The breeding season has started on many farms and that brings increased risks associated with close contact with animals. HSA figures show bulls were involved in over 18% of livestock related deaths on Irish farms in 2011-2020. John McNamara & Francis Bligh, Health & Safety Specialists report here
Many farm use artificial insemination but bulls are present for some or all of the breeding season on most farms. Bulls are dangerous animals. Health and Safety Authority (HSA) figures show bulls were involved in over 18% of livestock related deaths on Irish farms between 2011 and 2020. Bulls must be treated with caution and respect even when they seem to be good tempered.
The best way to reduce the danger posed by a bull on the farm is to remove the need for a bull by using artificial insemination. This will not be possible in all situations but it should always be considered.
CSO figures for 2016 show 30% of our Irish farmers are over the age of 65. Ageing brings experience but can also bring reduced mobility. The temperament of a bull can change suddenly and unpredictably. Where a farmer has reduced mobility it will be more difficult to move away from a bull that gets aggressive. This must always be considered before approaching a bull in a field or a farmyard.
Never allow dogs or pets to accompany you when checking animals in a field. Always carry a walking stick through fields with animals. It is vital to keep the bull in your sight at all times and never turn your back to a bull. As a bull gets older it can move through stages of playful aggression as a yearling to defensive, territorial aggression as a 2-3 year old. Always have help handling a bull. People who do not have experience managing a bull should not interact with a bull. People under 18 should never be in close contact with a bull.
Legislation for Ringing
It is a legal requirement to put a ring in the bull’s nose when they are 10months old. This ideally should not be done by the owner. It is a difficult task and should only be done in a crush where proper restraint is possible. When the bull is at pasture a chain is also recommended in order to give some possibility of control should the bull attack.
It is important that the bull is familiar with people and associates people with positive experiences like feeding. The bull however should not be over familiar with people. It is important that a safe distance is maintained at all times and that close interaction is managed using penning and appropriate equipment.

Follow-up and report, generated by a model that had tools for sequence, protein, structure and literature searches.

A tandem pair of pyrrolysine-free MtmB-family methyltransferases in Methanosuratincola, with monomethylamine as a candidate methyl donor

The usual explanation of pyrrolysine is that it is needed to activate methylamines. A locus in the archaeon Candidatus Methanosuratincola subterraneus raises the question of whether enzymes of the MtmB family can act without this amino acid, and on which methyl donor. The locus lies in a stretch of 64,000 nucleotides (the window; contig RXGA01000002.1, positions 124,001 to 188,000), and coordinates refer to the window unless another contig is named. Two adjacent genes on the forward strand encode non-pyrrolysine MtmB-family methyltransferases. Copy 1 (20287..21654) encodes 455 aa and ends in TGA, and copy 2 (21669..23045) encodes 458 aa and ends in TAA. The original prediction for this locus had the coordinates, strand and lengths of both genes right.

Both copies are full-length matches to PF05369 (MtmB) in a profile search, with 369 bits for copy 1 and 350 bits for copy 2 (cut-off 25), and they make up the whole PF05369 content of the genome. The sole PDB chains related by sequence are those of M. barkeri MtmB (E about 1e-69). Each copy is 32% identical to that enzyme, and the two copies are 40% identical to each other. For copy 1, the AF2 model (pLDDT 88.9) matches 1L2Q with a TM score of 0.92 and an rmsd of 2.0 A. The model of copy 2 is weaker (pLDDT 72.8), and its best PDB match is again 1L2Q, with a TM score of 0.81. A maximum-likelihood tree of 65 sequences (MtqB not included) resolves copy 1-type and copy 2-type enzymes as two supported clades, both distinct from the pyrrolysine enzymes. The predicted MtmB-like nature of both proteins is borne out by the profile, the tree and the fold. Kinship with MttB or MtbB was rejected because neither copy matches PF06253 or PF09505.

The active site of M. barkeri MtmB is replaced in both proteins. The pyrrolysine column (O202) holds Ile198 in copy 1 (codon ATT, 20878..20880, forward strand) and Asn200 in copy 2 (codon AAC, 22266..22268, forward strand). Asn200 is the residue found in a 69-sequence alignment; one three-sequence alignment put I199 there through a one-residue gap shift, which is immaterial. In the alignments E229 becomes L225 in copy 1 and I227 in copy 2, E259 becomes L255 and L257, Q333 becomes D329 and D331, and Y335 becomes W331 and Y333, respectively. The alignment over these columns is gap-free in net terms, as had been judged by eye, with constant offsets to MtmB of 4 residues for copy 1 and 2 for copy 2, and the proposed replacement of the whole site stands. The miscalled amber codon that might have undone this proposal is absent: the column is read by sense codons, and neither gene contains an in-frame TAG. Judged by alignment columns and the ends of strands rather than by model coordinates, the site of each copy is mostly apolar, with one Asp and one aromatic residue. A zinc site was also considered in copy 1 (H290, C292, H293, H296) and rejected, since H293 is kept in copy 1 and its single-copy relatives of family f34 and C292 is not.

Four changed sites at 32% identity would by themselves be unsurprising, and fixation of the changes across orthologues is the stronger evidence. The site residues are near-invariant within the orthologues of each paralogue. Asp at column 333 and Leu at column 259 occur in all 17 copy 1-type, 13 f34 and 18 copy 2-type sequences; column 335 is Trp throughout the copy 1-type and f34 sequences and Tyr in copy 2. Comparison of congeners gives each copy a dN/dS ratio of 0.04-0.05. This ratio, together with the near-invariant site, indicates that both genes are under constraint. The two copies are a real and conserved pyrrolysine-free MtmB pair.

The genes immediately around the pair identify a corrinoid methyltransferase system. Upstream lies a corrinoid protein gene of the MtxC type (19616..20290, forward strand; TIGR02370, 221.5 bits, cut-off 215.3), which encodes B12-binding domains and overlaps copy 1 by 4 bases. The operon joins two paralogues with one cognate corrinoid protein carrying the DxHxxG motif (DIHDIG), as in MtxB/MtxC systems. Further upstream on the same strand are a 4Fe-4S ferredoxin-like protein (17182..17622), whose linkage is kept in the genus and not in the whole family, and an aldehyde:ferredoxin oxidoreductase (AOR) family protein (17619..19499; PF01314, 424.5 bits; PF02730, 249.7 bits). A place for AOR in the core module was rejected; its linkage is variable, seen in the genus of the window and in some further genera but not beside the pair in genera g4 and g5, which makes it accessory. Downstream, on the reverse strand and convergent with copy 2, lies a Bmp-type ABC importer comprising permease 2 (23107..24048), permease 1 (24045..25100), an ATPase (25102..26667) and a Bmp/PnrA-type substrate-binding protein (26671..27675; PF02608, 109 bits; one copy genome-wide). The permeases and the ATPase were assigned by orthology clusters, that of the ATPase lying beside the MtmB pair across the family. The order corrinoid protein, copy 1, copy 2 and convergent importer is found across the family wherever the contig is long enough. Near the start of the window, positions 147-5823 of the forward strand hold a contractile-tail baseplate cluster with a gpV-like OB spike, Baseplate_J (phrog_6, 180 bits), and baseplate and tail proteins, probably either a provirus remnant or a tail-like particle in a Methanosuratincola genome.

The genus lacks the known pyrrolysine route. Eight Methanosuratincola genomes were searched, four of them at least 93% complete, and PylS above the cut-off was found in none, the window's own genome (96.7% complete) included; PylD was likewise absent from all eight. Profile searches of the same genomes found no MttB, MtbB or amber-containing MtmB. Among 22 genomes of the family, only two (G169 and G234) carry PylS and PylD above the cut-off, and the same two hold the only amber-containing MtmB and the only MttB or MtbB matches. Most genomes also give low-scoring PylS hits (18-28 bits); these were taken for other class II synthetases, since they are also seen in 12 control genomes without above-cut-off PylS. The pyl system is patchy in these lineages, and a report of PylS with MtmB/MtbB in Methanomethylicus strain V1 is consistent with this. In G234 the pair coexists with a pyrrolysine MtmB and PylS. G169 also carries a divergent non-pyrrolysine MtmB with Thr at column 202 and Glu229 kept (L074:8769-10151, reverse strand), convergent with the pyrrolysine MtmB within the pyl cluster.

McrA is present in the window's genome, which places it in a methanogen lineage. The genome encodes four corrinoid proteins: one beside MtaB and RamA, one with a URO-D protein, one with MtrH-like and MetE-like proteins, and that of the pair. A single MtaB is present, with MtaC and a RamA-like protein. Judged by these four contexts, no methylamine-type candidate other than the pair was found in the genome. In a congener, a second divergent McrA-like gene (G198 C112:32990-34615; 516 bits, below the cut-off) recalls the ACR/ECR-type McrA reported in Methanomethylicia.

In this video clip Doreen Corridan, Munster Bovine gives an overview of the need to train a bull for mating
Watch more on Safety around the stock bull here
If a bull or any animal shows signs of aggression it should be sent for slaughter. HSA statistics indicate that farmer deaths caused by bulls occur in proportion to the numbers in the various breeds. This means that all breeds of bulls have the potential to become aggressive and can kill.
HSA statistics tell us that many accidents with bulls take place in the open field during the main mating season. Bulls are protective of the herd and may decide you are a threat. Always keep the bull in your sight and plan a means of protection or an escape route. A tractor or other suitable farm vehicle (i.e. Jeep) can be useful to make sure there is a safe refuge available when you need to go into a field where a bull is running with the cows. If cornered by a bull, spread your arms wide, face the bull and try to slowly move out of the bull’s proximity. Turning and running from the bull can invite the bull to chase. Will you be fast enough?
When grazing a bull with the herd, make maximum use of fields where the public do not have access. A warning sign “beware of bull” should be present on entrance gates. The fields should be appropriately fenced and fences and gates maintained regularly.
Cows and heifers can also become aggressive and can attack. HSA data shows over 30% of fatal injuries are associated with cows and heifers. They can be very protective of calves and the risk is even more acute during stressful times like during calving, dehorning and weaning. Never turn your back to them, make sure there is a physical barrier during handling and cull animals when problems are identified.
HSA data shows that 36% of fatal injuries are associated with cattle. It is very important that facilities are appropriate, well designed and maintained and that tasks are properly planned and organised.
Plan for emergencies
- Keep a mobile phone in your pocket so you can call for help if needed.
- Someone should be aware of where you are and when you expect to return.
- Keep your first aid box stocked.
In this clip below hear how Ann Doherty was attacked by a bull and the serious injuries that were inflicted.
More useful Teagasc videos on all aspects of Safety with Livestock are available at the links below:
- Flight Zone & Point of Balance (with Temple Grandin)
- Safety with a Stock Bull
- Safety with Bull Beef
- Breeding for Docility
- Safe Handling at Calving
- Facilities for Cattle handling
- Loading of Cattle
More from Teagasc on Farm Health & Safety here